St. Louis goaltender Jordan Binnington stops Boston's Marcus Johansson. (Patrick Smith/Getty Images)
Boston had home-ice advantage, along with a huge edge in Stanley Cup and Game 7 experience: Five Bruins remained from the team that beat Vancouver in seven to win the franchise's sixth title in 2011, then returned to the final two years later.

But it was the rookie Binnington — not the 2014 Vezina Trophy winner Tuukka Rask — who took a shutout into the final minutes Wednesday. The Blues were never really in danger after scoring twice in the final few minutes of the first period.

"He bounced back. We knew he would," Pietrangelo said. "Unbelievable first period. His confidence, his swagger, his belief in himself — unbelievable."

WATCH | Blues are finally Stanley Cup champions:

The St. Louis Blues beat the Boston Bruins in Game 7 to win the 1st Stanley Cup in the Blues 52 year history. 1:22

Rask, who had been the favorite for the postseason MVP if the Bruins had won, stopped 16 shots. The Bruins outshot St. Louis 33-20, but Matt Grzelcyk scored Boston's only goal.

The Blues went ahead at the end of the first period on goals from O'Reilly and Pietrangelo about three minutes apart. The second period was scoreless, then Schenn made it 3-0 with 8:35 to play and Sanford put it out of reach before the Bruins spoiled Binnington's bid for a shutout.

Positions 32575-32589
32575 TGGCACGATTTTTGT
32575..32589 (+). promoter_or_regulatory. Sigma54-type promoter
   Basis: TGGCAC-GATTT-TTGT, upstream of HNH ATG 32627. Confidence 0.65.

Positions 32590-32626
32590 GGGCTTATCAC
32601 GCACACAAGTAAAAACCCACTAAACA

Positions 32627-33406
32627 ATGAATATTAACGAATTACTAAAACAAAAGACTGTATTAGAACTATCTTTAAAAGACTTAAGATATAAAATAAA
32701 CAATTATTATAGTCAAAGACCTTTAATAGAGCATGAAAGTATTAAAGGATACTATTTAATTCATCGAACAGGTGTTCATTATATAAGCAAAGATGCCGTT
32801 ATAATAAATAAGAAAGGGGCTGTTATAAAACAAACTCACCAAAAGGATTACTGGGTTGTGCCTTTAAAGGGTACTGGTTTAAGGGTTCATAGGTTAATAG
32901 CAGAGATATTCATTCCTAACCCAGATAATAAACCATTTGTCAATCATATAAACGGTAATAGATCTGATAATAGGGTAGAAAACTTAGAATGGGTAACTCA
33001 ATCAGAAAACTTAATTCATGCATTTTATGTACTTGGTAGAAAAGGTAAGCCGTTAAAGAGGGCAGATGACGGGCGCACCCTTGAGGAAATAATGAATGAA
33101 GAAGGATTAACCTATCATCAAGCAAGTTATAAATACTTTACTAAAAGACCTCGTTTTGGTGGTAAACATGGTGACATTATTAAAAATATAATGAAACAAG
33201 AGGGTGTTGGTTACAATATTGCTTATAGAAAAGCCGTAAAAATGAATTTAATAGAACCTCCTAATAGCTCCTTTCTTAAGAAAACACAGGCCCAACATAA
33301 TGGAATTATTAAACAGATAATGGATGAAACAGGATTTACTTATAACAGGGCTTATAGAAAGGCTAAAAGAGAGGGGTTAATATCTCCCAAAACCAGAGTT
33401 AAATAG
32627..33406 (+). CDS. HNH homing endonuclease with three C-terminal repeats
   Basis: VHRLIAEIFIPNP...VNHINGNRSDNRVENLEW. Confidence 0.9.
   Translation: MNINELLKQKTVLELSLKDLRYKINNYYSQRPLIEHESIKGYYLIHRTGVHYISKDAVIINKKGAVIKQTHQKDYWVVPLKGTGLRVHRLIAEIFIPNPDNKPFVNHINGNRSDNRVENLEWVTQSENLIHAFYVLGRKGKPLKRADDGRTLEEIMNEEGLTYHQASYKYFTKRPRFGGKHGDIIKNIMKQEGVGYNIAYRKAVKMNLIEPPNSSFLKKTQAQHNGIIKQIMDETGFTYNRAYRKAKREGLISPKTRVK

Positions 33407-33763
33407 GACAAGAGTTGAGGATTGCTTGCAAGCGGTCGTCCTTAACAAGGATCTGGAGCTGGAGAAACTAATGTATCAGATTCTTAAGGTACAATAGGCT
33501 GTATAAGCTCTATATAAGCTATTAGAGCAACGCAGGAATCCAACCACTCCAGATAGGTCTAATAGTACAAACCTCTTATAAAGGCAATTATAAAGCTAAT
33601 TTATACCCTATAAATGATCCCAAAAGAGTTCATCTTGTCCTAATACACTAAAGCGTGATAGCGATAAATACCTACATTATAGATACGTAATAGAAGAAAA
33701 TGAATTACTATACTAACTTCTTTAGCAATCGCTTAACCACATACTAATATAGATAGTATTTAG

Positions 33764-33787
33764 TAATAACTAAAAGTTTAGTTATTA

"I'm sure there's a bright, bright future for this team," Chara said. "I'm sure everyone pictured it differently, and we believed that it was there for us. That's sports. You've got to kind of take those and move on."

Boston's Brad Marchand collides with St. Louis' Ivan Barbashev. (Patrick Smith/Getty Images)

"We were the underdogs the whole series. We knew that," Pietrangelo said. "We knew people didn't think we would have a chance but we believed in each other and that's all that matters."

The Bruins tried to harness all the local karma they could.

Olympic gold medallist Aly Raisman and Julian Edelman waved a banner before the game while wearing David Ortiz jerseys; the Red Sox slugger is recuperating just a mile or so away from an assassination attempt in his native Dominican Republic.

Retired Red Sox pitcher Curt Schilling also was in the crowd, wearing his World Series ring and a Bruins jersey. Portable party Rob Gronkowski also made an appearance on the video board.

And the Bruins responded, dominating for long stretches of time except in the way that mattered most.

WATCH | O'Reilly still marvelling at Blues' turnaround:

Blues forward Ryan O'Reilly touched on how St. Louis turned their season around. 1:27

The Blues had just one shot on goal heading into the final minutes of the first period, but they scored first when O'Reilly deflected a shot from Jay Bouwmeester into the net. Then with just 8 seconds left in the period and Bruins forward Brad Marchand tentative on a line change, Pietrangelo beat Rask to make it 2-0.

Bouwmeester played in 1,184 regular-season games — the third most among active players who had not gotten their names etched on the Stanley Cup.

That earned him the honour of being the first player to receive the trophy from Pietrangelo, the captain.

"It was awesome," he said. "I've been waiting a long time, and I'm pretty honoured that he gave it to me."